The Williamstown, N.Y., native-a May graduate of UB who is believed to be its first alumna to wear the state crown-has spent this week participating in preliminary competitions in Atlantic City.
If she's named one of the 10 finalists, the former member of UB's Zodiaque Dance Company will find herself Saturday evening performing a contemporary dance to music from the opera Carmina Burana before a national television audience.
Overwhelming? Nah. Tammy's been preparing for this for quite a while.
"I think I appreciate it a lot more because it took six tries to get in," she said. "After I graduated from UB, I put everything else in my life on hold just in case I won."
While she won, she almost didn't make it at all-the cutoff age for contestants is 24, and Harris' 25th birthday is just a few weeks from now.
Winning Miss New York has meant living in special accommodations at the pageant's headquarters in Watertown and a nonstop promotional tour: parades, festivals, golf tournaments, talent shows and guest appearances on radio and TV shows.
"I bring my crown with me when I make an appearance," said Harris. "But I don't wear it much. I don't like to give the impression that I'm above anyone else. I'm just your everyday person who happens to be Miss New York."
Harris credits her experiences at UB, where she majored in dance and psychology, and her close relationship with faculty members Thomas Ralabate and Linda Swiniuch with helping her win the statewide title.
"UB has a fabulous dance program," Harris said. "Especially the professors. I was very shy when I first went to UB, and my professors were the first ones there to help me."
Tom Ralabate is a wonderful choreographer," Harris said. "He's good for me-he knows the pageant system. And he knows me-what I do and what I do well. And professor Swiniuch really helped me come out of my shell. She let me see dance from a whole new perspective-that a lot of it has to do with your mind. Good dancing is not just about what you do with your arms and legs. What's inside is more important."
Swiniuch, associate professor and co-chair of the Department of Theatre and Dance, recalls that when Harris transferred to UB as a sophomore, she was "shy, not sure of her ability.
"For me," she said, "the most wonderful thing to see is how she has grown in self-confidence and assurance."
Swiniuch added: "She has always been a terrific young woman to know; very hard working, meeting her goals. Seeing it all come together for her has been just terrific."
Ralabate, who has choreographed the Miss New York and Miss Pennsylvania state pageants, as well as judged the Miss Georgia pageant, has worked with Harris on the dance she will perform before a national audience if she makes it to the finals.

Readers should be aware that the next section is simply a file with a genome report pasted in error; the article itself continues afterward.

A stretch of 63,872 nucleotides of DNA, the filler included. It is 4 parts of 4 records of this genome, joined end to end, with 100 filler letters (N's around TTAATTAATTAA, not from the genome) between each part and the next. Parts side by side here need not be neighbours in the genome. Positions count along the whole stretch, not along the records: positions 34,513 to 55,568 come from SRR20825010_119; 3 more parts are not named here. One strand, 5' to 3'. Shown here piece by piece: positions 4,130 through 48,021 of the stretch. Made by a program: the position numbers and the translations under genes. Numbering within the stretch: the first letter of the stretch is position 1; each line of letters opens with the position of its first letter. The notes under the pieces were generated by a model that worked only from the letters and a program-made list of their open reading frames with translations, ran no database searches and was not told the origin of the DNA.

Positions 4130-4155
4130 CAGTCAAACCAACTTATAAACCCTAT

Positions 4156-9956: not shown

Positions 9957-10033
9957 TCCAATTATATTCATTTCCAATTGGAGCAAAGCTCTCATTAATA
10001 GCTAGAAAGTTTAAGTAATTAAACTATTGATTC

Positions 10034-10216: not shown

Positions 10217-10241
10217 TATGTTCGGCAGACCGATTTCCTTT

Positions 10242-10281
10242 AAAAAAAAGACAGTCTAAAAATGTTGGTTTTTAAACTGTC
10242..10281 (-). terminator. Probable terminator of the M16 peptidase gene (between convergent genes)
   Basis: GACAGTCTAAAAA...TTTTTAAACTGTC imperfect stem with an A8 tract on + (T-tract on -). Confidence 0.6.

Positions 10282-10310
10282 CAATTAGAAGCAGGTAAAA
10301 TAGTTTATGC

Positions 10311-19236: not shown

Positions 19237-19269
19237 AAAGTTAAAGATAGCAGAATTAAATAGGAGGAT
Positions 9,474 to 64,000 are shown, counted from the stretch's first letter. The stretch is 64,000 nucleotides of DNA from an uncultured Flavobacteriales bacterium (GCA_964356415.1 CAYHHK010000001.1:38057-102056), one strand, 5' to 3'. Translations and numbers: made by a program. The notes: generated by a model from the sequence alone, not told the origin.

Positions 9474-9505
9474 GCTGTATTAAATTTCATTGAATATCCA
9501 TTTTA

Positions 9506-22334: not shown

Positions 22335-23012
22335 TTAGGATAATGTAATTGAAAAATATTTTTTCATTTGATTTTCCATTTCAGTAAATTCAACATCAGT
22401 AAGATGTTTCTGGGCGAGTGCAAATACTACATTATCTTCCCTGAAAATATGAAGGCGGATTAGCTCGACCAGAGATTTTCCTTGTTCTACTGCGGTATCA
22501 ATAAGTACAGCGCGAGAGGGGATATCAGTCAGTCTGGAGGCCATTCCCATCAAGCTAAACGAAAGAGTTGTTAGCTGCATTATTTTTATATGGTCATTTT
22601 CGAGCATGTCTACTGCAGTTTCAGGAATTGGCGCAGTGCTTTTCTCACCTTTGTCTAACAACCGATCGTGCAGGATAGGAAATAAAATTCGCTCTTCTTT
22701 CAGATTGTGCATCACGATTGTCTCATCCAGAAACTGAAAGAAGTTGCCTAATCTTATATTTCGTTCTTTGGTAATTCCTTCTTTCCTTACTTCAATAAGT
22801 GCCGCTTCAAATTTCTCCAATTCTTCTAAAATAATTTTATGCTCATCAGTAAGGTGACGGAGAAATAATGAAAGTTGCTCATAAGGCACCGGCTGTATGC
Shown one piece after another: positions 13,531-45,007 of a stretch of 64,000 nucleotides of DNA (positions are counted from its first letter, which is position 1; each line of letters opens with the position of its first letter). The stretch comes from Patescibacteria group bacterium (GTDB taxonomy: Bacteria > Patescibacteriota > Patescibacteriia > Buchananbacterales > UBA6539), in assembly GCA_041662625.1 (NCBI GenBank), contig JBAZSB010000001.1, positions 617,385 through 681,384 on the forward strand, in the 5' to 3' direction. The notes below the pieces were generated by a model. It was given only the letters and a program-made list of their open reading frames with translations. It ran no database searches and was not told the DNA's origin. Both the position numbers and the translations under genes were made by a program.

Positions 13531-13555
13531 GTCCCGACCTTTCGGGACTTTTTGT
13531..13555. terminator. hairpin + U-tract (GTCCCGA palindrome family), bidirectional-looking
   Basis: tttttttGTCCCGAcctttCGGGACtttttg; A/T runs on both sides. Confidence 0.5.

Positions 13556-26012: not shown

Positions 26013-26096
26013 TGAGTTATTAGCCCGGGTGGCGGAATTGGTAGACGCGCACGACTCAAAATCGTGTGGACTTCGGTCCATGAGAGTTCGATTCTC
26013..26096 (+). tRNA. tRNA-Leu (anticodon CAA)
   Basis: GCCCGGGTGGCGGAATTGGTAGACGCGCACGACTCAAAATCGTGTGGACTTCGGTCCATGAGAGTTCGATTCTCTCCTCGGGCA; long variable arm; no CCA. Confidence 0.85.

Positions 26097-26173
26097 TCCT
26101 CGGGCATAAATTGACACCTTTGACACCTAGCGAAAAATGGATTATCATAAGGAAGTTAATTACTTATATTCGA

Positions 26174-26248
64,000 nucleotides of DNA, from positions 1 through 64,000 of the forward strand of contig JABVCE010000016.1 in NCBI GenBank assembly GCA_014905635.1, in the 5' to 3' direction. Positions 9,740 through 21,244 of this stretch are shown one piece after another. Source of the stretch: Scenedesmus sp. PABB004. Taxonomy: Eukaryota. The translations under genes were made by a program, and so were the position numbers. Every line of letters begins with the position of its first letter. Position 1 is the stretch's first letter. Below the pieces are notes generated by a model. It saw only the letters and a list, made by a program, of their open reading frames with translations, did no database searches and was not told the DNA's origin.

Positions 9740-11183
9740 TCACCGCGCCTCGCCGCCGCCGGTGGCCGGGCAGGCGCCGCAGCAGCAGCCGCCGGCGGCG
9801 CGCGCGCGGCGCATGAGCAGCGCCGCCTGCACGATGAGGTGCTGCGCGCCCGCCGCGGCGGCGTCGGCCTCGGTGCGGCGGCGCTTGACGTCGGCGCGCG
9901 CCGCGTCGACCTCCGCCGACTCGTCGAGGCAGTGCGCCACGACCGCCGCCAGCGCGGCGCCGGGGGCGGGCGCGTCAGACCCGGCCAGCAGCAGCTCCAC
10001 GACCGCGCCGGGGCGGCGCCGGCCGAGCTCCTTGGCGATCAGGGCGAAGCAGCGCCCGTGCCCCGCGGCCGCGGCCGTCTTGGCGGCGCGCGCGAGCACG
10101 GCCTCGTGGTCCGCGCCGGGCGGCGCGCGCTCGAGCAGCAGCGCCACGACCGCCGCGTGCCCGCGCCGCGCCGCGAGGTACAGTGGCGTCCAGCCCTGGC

"It's contemporary dance using a mix of modern dance movement with jazz and European classical ballet, a mixture, blend of different forms," Ralabate explained.
He noted that costume, based on a design used in a Zodiaque Dance Company dance concert, will feature purples and deep reds in line with the religious nature of the music to which Harris will perform.
Ralabate described Harris as "very warm, very giving. She's very easy to like; a very genuine, honest and sincere person. She brought a sense of maturity to our dance company. She was always open-minded and easy to work with."
While at UB and not studying or dancing, Harris found time to volunteer as a member of UB's Student Alumni Board and in the community.
"We're grateful to her for all the volunteer hours she dedicated to our programs this past year-she offered lots of energy and enthusiasm to every project she got involved with," said Debra Palka, assistant director in the Office of Alumni Relations.
"In fact, most of us were not even aware of the fact that she was preparing for the New York State competition because she is so modest," Palka noted. "We found her to be articulate, mature, cheerful and a very well-rounded student."
In addition to her dance performance, Harris will be judged in swimsuit and evening gown competitions and in an interview situation in which she will discuss her "platform." Harris's platform is tolerance for difference-an issue that evolved while she was at UB.
"The whole platform really comes from my college experience," she notes. "I came from a small town, and my first year, I went to college in New York City. It was overwhelming-I had extreme culture shock for a while."
After her freshman year, Harris transferred to UB.
"UB changed that fear. It has such diversity. I really learned how to adapt there." In fact, about a year and a half ago, Harris started a program appropriately called ADAPT, for Accepting a Diverse America by Promoting Togetherness. She had discussions with the Anti-Defamation League and NAFA-the National Association for Fat Acceptance-as well as interaction with the Celebrating Diversity program at UB. On her own, she put together pamphlets and traveled to elementary schools to discuss the issue of respecting differences.
"I know I'm not going to change the world ," Harris said. "But I hope to make a small, positive difference."
When her year as Miss New York (and possibly Miss America) is over, Harris plans to continue school, pursuing a master's degree in theater and dance or possibly social work.
"I may go back to UB for graduate school," Harris ponders. "I'd like to be a director of a dance company."
Of course, nothing is set in stone. "Everything is up in the air for me right now," Tammy Harris continues. "Miss New York opened many doors. I may take a path I never could have predicted."
But for now, America, here she comes.